Jonathan Dee’s reflections on the status of the social novel are a welcome critique of contemporary writing, but his argument is compromised by an elision in his survey of the form [“The Lives of Others,” Reviews, September]. He is right to trace the evolution of narratorial perspective from the “panoramic godlike omniscience” of the early novelists to the “radical subjectivity of modernism,” but this chronology by no means accounts for the entirety of literary production in the early twentieth century. In particular, Dee omits the many authors who, during the interwar years, pushed back against the strictures of the high modernist novel.
These writers — we would call them collective novelists — came to view the form’s traditional bias toward singular narrative subjectivity as no longer capable of representing lived experience in the world of the mass society. In response, they often dispensed with subjectivity altogether, attempting to dramatize not the vast depths of individual interiority but the equally significant spaces between human beings. Most of the collective novelists of this period — among them Henri Barbusse in France, Feodor Gladkov in the Soviet Union, and Hans Kirk in Denmark — were deeply committed to the social novel, hoping it would build solidarity between ordinary people and further the struggle for a better world.
Sadly for those of us who believe that the contemporary world is less in need of stronger individuals than it is of stronger societies, novelists almost entirely abandoned the collective form in the years following the Second World War, in response to the catastrophes of fascism, Stalinism, and Maoism.
Dee is hardly the only writer to omit the collective novelists from his history. Dee’s account of the novel’s development accords with the consensus view of contemporary literary historians — it just happens to be incomplete.
I found Seyward Darby’s story on the women of the “alt-right” greatly unsettling, but perhaps not for the expected reasons [“The Rise of the Valkyries,” Report, September]. Don’t misunderstand me: I was duly appalled and perplexed by Lana Lokteff and the other women who are hoping to legitimize white nationalism — a movement whose ethos is deeply misogynistic. But what I found unexpectedly disturbing was the article’s tone, which veers from journalistic neutrality toward a strange fascination with these women.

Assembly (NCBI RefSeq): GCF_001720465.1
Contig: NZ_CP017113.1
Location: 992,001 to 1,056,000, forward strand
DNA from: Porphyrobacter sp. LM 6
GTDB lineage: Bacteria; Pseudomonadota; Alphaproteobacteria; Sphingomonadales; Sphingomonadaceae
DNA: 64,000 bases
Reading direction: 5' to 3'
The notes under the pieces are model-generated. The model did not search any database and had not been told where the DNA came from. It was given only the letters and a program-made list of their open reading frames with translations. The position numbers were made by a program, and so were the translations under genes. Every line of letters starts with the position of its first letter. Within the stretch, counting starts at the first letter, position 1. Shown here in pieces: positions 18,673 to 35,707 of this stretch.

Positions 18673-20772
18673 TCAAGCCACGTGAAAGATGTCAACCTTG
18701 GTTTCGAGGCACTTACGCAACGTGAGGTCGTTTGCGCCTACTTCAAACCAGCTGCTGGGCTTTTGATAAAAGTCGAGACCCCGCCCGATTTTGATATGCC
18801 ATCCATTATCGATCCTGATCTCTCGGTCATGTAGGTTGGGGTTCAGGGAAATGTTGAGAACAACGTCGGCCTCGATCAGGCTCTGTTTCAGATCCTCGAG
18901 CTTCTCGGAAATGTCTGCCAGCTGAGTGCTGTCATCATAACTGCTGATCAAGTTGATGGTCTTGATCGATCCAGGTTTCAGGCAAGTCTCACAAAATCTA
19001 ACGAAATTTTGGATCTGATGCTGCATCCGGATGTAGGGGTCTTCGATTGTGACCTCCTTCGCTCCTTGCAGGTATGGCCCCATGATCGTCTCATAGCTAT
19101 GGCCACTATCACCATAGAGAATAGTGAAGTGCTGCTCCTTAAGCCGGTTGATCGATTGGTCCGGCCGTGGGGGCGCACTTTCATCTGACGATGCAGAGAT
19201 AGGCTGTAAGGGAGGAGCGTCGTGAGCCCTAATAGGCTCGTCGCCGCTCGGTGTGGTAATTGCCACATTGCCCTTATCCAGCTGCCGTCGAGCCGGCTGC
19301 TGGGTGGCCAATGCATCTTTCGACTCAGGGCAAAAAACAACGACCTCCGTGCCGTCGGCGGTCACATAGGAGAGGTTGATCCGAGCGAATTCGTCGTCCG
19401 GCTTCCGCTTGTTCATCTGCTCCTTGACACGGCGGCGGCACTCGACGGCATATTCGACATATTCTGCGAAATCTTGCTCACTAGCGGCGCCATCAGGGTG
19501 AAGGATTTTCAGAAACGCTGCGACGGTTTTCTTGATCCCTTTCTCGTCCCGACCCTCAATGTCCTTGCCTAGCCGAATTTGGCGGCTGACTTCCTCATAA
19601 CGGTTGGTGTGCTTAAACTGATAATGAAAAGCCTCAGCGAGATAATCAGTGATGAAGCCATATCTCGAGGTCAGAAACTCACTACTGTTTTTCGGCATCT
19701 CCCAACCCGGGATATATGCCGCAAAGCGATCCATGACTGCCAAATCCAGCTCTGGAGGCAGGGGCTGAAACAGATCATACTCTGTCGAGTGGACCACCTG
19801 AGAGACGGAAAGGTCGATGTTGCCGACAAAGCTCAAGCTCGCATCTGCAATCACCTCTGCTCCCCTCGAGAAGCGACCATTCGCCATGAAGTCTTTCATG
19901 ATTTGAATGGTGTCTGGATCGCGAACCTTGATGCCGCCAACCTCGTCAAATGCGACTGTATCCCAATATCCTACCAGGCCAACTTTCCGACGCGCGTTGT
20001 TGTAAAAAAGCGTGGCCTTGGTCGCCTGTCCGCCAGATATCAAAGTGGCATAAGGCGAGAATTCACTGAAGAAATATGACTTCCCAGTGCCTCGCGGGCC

The troubling tone of the piece finds its visual counterpart in the accompanying illustrations. Blond Amazons in winged helmets and tight-fitting pink dresses brandishing megaphones and spears — the images look like Wonder Woman meets Triumph of the Will. The cover depicts the women of the alt-right as strong and sexy, inadvertently glorifying them rather than exposing the horrors behind the female side of fascism and white terror. Perhaps the visual references to Leni Riefenstahl are deliberate, but by portraying these women as heroic and attractive, Harper’s Magazine may be creating propaganda for the alt-right.
As Naomi Klein rightly points out in her essay [“W.W.E. the People,” Readings, September], Donald Trump’s background in reality TV and professional wrestling provides insight into his presidency. The primary reason that reality TV is popular is that it gives viewers a chance to judge people. It’s fun to decide that the Bachelor is a jerk, or that this man or that woman should be voted off the island. It’s okay to hate people we don’t know, as long as they’re on TV, right?
There’s a reason that Facebook has become our most popular news source. Here’s a video of someone from a group you don’t like doing something bad, and that proves that they’re all like that. Here’s a politician you don’t like being “destroyed” by someone you do. You get your news with a dose of reality TV–style judgment baked into every story, and you’re only going to see stories that fit your preferred worldview, no matter how out of sync with actual reality those stories are.
Packaged realities, fueled by the pleasure of judging others, started on TV, went viral on the internet, and are now running the White House. They are the reason that Trump was elected — the reason his supporters are impervious to rational criticism. Until we can begin, as a society, to let go of our judgments — to see their real destructiveness and to choose different pastimes — our situation isn’t going to improve.
Farm to Table
As a corn and soybean farmer in southern Wisconsin, I read Ted Genoways’s poignant story about life on a family farm with great interest [“Bringing in the Beans,” Folio, September]. A tiny fraction of the U.S. population operates and controls all of the farmland in this country. There are many family farmers across the Corn Belt who share Rick Hammond’s goals: to be successful in spite of capricious markets and weather, and then someday to pass what they’ve built down to their children.
Agriculture is an important part of the American economy, and family farmers count on the Department of Agriculture programs that promote and subsidize our crop insurance and crop production. America’s balance of payments with foreign trading partners is dependent on its continuing to export massive amounts of grain. The present administration needs to be sensitive to this, or our farm economy will likely crash the way it did in the early 1980s.